Prevent skin cancer: wear sunscreen, look for changes to moles

Skin cancer affects over two million people in the United States every year. As summer gets underway, Dr. Henry F. Garazo, a board certified plastic surgeon and Maryland skin cancer surgeon, urges the public to prioritize sun protection and skin cancer self examination in their daily routines.

Take sun protection seriously throughout the year, not just in summer

Repeated sun exposure adds up, increasing the likelihood of developing skin cancer throughout one’s lifetime if left unchecked—according to the Skin Cancer Foundation, a person’s risk of developing melanoma can double after having just five sunburns.

“We associate wearing sunscreen with summer activities, but harmful UV rays affect our skin year-round, even on cloudy days,” notes Dr. Garazo. He recommends using broad-spectrum sunscreen daily on exposed skin, and reapplying as needed for continued protection.

He mentions that a board certified plastic surgeon, dermatologist, or physician-supervised skin care professional can help patients find a good-quality sunscreen that feels light on the skin. “Consistency is key,” says Dr. Garazo, “so it is worthwhile for patients to invest in a sunscreen they love and are willing to use on a daily basis.”

Monthly self-examinations can identify potentially cancerous moles and lesions

In addition to consistent use of sunscreen, Dr. Garazo says that regular, head-to-toe skin self-examinations are a critical step to prevent and treat skin cancer before it develops into a potentially life-threatening situation.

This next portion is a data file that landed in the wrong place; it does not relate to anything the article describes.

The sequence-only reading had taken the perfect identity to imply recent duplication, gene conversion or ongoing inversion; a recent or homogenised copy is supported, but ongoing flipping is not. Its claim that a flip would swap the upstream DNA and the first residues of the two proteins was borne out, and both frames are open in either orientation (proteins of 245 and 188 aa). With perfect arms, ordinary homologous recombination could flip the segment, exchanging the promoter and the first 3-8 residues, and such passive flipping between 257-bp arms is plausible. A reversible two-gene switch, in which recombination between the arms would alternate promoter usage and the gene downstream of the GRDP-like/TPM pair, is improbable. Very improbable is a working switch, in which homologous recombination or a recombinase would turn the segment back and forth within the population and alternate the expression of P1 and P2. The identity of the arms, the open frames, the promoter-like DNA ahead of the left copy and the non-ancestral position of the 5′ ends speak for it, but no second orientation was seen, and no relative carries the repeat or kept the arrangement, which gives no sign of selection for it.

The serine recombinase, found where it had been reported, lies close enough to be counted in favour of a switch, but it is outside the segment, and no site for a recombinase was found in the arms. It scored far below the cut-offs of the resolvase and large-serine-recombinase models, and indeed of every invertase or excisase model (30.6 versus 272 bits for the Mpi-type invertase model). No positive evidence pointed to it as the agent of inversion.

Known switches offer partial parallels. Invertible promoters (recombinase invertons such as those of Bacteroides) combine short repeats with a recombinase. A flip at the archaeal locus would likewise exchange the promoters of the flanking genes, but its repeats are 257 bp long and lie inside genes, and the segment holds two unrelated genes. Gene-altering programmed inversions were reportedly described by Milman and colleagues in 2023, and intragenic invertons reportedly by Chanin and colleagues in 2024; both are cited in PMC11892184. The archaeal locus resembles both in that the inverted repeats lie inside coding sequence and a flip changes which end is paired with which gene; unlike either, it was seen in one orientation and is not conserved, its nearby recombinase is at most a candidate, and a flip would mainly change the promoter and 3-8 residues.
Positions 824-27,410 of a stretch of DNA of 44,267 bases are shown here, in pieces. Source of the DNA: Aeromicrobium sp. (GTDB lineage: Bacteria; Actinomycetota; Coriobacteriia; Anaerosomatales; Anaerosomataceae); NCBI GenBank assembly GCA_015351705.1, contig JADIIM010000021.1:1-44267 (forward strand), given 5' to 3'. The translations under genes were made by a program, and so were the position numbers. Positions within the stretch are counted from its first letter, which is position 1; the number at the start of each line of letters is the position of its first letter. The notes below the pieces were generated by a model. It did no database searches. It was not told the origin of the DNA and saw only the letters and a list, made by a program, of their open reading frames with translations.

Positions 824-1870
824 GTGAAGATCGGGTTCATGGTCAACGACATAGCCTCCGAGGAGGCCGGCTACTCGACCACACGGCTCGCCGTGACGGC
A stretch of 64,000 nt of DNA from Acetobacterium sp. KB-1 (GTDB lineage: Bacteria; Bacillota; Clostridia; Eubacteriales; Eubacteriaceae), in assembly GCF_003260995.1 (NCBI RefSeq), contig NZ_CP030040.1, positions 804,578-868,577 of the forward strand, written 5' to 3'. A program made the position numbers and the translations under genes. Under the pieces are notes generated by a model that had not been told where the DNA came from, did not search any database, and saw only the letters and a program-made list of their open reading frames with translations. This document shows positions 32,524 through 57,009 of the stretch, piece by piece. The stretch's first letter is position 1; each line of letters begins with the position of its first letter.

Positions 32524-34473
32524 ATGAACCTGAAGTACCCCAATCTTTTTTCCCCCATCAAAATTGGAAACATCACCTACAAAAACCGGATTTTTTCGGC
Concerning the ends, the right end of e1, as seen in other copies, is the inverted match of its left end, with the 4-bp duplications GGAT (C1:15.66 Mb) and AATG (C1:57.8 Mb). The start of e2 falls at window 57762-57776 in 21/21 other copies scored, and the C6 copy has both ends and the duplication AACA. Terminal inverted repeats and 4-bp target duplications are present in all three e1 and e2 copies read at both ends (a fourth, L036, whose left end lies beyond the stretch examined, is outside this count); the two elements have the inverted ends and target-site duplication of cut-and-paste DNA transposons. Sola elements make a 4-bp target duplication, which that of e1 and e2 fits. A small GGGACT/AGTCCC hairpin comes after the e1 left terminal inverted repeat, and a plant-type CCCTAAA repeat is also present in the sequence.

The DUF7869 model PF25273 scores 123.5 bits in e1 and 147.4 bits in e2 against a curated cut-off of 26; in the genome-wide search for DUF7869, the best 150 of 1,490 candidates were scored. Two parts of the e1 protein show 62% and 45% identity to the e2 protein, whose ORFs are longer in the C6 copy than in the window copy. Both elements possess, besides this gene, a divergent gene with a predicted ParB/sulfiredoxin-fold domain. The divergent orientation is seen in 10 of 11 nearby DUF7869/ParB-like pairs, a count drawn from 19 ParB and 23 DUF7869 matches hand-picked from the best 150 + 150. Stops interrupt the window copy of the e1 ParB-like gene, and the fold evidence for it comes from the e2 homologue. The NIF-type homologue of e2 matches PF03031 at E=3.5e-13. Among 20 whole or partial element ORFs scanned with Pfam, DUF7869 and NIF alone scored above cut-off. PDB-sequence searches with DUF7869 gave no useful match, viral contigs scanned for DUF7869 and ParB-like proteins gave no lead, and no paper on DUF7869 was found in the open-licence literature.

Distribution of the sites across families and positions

“Early skin cancer detection can save lives,” stresses Dr. Garazo. “The most effective way to catch suspicious lesions before they become a serious health problem is to familiarize yourself with what is normal for your skin, so you can detect changes as soon as possible.” He adds that patients who are aware of changes in their skin are more likely to seek medical help at early signs of cancerous lesions.

Visual resources can help patients identify potential skin cancers

Dr. Garazo has created a visual guide to moles to provide a convenient resource for patients who may be concerned about their own skin cancer risk. The guide contains information about how to detect cancerous moles and images that individuals can compare to any unusual moles on their own body.

“It is so important to pay attention to any markings on the body,” says Dr. Garazo. “Moles that are asymmetrical or change in size, shape, or color can be indicators of skin cancer and should be taken seriously. My goal in creating this visual guide to moles is that more people will become aware of any changes in their skin and seek medical help when needed.”

Solutions for treating skin cancer

For patients who receive a skin cancer diagnosis, Dr. Garazo stresses that treatment options such as Modified Mohs surgery offer a good prognosis for curing early-stage tumors.

This procedure has a high success rate because it involves progressively removing layers of cancerous tissue until only healthy tissue remains. Excised tissue is examined incrementally throughout the procedure to remove all cancerous cells and preserve as much healthy tissue as possible. Reconstruction of the area is either performed during the same appointment or in the days following.

“Modified Mohs surgery is an extremely effective way to treat early stages of skin cancer, particularly Basal Cell and Squamous Cell carcinomas,” says Dr. Garazo, who performs the procedure at his plastic surgery practice in Hagerstown, Maryland. “I have helped many patients avoid more serious treatment by quickly and thoroughly removing cancerous tissue.” – PRNewswire

Related Posts

Leave a Reply